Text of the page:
NBA Must Engage With Players to Address Management Issues

NBA – Including the games played requirement in qualifying for MVP and other awards would be an excellent idea. Where it hurts, hit them.

It is the premise of a concept that targets the overuse of load management by linking NBA grants to games played for the players vying for them, as first reported by The Athletic.


Despite being vague, the idea centers on having many appearances, a significant element for the essential awards each season.

Load management has become excessive. Fans miss out on seeing their favorite stars repeatedly because of rest-pretend injuries. More examples exist for a list.

Here, the NBA has a significant issue. Despite being vague in its details, the proposal put forth in the media has some promise.

However, when the concept of using rewards to push players to play more games was brought up in discussions with decision-makers across the league, two consistent replies emerged: It’s a wise choice. And there is little possibility that it will even succeed.

One executive told CBS Sports, “something tells me athletes won’t care at the end of the day.”

Another executive said, “NBPA will never permit it because those playoff honors impact too many players’ contracts, and agents utilize them to establish benchmarks and worth during contract negotiations.”

All true. And because of this, a league that has done a tremendous job maintaining a good relationship with the players union and a solid sense of mutual respect between the association’s commissioner and its stars must take firm action.

The NBA has some political clout as a result of these two factors. It’s time to use it.

The league should prioritize combating load management, battle mightily to make it happen, and do it in the most extreme methods imaginable.

The NBA, as a product, is doing well. While LeBron James set the all-time scoring record 20 years into an incredible career, it is bursting with young stars rising. Since Larry Bird in the early 1980s, Nikola Jokic has been attempting to win the MVP award for three years. Kawhi Leonard and Giannis Antetokounmpo want to solidify their reputations. The Suns are now a must-watch squad as Jayson Tatum, Ja Morant, and Joel Embiid are all vying for their first championship while Kevin Durant joins yet another superteam.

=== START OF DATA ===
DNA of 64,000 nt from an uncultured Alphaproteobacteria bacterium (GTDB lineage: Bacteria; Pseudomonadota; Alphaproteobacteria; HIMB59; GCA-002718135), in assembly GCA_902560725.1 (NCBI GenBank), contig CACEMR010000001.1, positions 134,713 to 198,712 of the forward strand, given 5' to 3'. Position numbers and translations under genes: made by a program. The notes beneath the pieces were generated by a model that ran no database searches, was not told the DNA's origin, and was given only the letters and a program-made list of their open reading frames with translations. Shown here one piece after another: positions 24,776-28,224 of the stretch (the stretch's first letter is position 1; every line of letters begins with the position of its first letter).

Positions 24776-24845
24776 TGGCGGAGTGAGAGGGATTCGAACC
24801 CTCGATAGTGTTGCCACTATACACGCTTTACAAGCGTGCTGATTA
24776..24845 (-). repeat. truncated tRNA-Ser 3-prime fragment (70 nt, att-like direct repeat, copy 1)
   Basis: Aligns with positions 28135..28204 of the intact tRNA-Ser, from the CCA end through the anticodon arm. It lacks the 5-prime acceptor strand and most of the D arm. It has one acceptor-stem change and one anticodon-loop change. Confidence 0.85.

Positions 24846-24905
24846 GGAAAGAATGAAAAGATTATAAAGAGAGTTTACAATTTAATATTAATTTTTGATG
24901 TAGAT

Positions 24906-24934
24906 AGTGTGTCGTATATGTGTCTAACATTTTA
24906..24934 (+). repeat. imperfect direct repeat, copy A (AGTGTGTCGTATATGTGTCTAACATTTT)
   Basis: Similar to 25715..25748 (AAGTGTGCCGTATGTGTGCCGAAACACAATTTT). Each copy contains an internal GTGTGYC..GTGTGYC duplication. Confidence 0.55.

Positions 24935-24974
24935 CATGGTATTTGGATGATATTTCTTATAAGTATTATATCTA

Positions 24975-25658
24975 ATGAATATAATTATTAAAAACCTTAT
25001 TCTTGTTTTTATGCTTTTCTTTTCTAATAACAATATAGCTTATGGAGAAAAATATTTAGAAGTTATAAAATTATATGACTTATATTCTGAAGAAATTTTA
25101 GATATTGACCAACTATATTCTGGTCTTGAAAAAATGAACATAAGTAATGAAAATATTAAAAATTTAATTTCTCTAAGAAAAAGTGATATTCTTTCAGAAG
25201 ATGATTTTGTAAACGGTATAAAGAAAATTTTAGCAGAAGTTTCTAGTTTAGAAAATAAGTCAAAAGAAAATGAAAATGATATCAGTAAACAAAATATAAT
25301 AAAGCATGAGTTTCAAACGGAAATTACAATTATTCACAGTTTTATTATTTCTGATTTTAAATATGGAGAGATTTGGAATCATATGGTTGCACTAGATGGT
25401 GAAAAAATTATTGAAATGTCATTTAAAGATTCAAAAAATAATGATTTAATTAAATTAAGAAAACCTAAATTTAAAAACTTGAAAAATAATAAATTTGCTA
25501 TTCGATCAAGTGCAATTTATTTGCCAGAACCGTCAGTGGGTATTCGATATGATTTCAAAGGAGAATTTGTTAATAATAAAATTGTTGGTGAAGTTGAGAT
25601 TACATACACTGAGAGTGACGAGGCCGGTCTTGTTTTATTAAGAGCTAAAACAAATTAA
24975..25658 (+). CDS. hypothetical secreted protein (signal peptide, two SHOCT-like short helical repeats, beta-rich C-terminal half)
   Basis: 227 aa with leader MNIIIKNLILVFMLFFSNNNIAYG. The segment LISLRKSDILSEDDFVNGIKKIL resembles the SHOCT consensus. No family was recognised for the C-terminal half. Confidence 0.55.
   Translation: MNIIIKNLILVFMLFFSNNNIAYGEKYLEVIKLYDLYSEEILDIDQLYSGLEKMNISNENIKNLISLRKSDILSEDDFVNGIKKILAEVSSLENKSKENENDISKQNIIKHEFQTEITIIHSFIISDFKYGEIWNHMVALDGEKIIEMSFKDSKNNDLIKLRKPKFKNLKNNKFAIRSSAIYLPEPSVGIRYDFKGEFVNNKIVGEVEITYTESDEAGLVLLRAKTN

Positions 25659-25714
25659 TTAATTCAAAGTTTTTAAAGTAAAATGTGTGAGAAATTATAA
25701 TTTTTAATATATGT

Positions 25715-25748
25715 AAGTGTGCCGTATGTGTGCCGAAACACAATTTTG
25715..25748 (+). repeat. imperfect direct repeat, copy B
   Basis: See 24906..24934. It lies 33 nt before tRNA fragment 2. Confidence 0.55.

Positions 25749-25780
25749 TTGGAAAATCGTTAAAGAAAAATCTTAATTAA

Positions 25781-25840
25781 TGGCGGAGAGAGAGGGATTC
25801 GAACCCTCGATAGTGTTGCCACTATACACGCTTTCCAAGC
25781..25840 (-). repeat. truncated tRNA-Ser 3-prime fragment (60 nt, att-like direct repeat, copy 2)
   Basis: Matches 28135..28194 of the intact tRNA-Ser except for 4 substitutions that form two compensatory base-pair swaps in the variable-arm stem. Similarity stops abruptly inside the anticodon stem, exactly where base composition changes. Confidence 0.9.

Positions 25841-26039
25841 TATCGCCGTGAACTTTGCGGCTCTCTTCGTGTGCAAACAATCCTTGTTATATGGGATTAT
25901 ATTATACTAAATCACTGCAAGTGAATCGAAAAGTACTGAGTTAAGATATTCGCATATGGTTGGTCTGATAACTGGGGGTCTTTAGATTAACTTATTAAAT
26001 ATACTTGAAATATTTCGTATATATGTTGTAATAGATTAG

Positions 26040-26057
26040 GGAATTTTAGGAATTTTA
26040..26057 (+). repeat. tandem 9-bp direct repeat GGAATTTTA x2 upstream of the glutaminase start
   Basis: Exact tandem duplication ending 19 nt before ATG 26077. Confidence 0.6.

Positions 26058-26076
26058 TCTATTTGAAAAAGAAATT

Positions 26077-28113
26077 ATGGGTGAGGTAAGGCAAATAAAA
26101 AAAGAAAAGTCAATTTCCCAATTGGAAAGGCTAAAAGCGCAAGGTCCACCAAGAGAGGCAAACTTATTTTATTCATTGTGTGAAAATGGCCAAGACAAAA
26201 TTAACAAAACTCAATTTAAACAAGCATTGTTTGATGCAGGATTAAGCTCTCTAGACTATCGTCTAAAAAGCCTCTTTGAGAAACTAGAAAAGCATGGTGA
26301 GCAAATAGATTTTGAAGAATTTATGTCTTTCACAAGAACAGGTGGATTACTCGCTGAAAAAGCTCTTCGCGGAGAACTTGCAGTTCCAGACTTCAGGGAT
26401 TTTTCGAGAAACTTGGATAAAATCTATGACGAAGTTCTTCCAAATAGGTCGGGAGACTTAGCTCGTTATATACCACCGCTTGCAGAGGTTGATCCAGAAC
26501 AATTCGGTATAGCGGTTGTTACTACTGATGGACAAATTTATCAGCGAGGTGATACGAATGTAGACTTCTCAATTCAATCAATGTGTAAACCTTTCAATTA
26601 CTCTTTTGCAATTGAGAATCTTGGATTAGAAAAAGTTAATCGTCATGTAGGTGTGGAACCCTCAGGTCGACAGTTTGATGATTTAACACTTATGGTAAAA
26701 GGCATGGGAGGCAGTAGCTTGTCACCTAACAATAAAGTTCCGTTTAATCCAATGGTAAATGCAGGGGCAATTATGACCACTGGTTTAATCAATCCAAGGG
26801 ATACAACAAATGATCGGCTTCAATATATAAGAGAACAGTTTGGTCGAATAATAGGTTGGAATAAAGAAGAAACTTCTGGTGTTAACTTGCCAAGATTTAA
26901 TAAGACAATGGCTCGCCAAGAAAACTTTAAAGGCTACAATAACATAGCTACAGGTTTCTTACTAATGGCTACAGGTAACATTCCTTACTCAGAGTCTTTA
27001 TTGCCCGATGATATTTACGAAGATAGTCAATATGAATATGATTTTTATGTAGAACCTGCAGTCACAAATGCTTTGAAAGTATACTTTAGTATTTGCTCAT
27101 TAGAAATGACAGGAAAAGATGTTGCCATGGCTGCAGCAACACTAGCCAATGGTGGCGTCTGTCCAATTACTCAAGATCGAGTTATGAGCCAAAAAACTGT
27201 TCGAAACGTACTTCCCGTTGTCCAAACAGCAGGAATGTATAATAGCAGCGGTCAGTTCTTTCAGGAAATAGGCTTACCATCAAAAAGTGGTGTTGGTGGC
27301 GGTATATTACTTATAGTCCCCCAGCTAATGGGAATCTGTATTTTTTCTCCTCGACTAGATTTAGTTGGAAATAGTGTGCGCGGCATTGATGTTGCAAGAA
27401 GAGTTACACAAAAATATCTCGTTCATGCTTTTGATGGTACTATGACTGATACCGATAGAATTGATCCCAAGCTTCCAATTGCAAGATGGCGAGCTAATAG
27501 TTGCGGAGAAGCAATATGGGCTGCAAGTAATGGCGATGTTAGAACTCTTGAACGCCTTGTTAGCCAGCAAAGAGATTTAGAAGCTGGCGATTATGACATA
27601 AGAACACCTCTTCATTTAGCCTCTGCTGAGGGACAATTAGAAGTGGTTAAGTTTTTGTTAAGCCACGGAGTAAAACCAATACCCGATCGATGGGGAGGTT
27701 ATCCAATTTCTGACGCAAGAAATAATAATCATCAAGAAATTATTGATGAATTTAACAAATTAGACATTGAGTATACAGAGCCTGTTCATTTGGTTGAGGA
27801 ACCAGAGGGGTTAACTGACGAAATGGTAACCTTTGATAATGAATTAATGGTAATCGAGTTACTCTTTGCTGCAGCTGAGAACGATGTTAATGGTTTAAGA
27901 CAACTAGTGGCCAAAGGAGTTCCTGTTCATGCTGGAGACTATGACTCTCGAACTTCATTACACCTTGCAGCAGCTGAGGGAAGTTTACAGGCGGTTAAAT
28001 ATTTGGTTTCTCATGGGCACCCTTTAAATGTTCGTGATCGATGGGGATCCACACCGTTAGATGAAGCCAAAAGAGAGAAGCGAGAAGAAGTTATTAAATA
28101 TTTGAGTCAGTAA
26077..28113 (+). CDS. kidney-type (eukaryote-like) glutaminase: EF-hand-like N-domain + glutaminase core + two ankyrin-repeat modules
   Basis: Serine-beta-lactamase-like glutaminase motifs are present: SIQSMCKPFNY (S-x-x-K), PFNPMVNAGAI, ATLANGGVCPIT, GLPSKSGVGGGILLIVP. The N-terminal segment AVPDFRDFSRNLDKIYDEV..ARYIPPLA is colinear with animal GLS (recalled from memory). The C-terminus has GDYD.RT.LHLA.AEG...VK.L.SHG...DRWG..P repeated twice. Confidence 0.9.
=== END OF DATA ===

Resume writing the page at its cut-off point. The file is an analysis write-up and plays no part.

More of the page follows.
Yet, must-watch games only succeed if the finest players participate in them. It depends on the stars in a sport that also doubles as an entertainment industry to operate effectively and efficiently, fair or not. It’s time to start linking the game’s awards to the idea that availability is an excellent skill and business strategy.

The Most Valuable Player award will come first.

Only Bill Walton, who played 58 games back in the 1977–1978 season, has ever won an MVP award during an 82-game regular season without playing at least 71 games. 35 MVPs participated in at least 80 of the 82 games in the previous 52 82-game NBA regular seasons.

So, the 35 out of 52 figure sounds respectable or decent, but look more closely at the numbers. Walton was the only MVP of the 1970s to play fewer than 80 games. Hence 80 games were played by 90 percent of award winners. The ratio fell to 70% in the 1980s. Only four MVPs surpassed 80 games in the previous ten 82-game seasons, which you can observe by going back in time.

Stars making an appearance in games is a problem. Still, as some NBA personnel noted following The Athletic’s article, it’s likely also crucial to connect minutes to this barrier in addition to games.

One advisor to a Western Conference team said, “What stops a player from playing two minutes in a game they would ordinarily load manage, and then [sitting]?

If this were to occur, there is a danger that players wouldn’t care enough to alter their routines. So, the NBA should vigorously pursue this concept.

A 70-game cutoff seems reasonable and solves a real issue. The Western Conference team adviser also recommended a 30-minute minimum per game. I feel right once more.

By this metric, the MVP race for this season would come down to Jokic and Tatum. By historical standards for an MVP and the better business practices the league and its players should promote, the other contenders for the award this season are on pace to participate in too few games.

Embiid is on pace to participate in 64 games this season after participating in 44 of the Sixers’ 56 games. Giannis has expected to play in all 66 regular-season games for the Bucks. At his current rate, Doncic will play 68 games for the Mavericks.

That is outrageously too few games for players of that caliber, at least those being mentioned as probable MVP winners. And there are other ways to encourage guys to hit the dance floor outside the competition for this particular honor.

You can also include Comeback Player of the Year, Defensive Player of the Year, and Rookie of the Year. They are all. But continue. Add the first, second, and third NBA All-Star teams to this. Ensure that players who aspire to make the NBA’s All-Rookie and All-Defensive teams contribute equally to the games they play.

It will be complex to win over the players association, agents, and other groups with incentives to maintain the status quo. Yet some fights are worthwhile for the league and players involved. They divide the money the company brings in, and while this idea is unpopular, it would still be profitable for everyone.

The NBA is a league for stars. Also, everyone becomes weaker without them on the ground as frequently as feasible. Now that All-Star weekend is approaching, Adam Silver must make this trial balloon his office seemed to send up into a harsh, cold reality as the league and the NBPA consider a new CBA and all the details that will entail. Source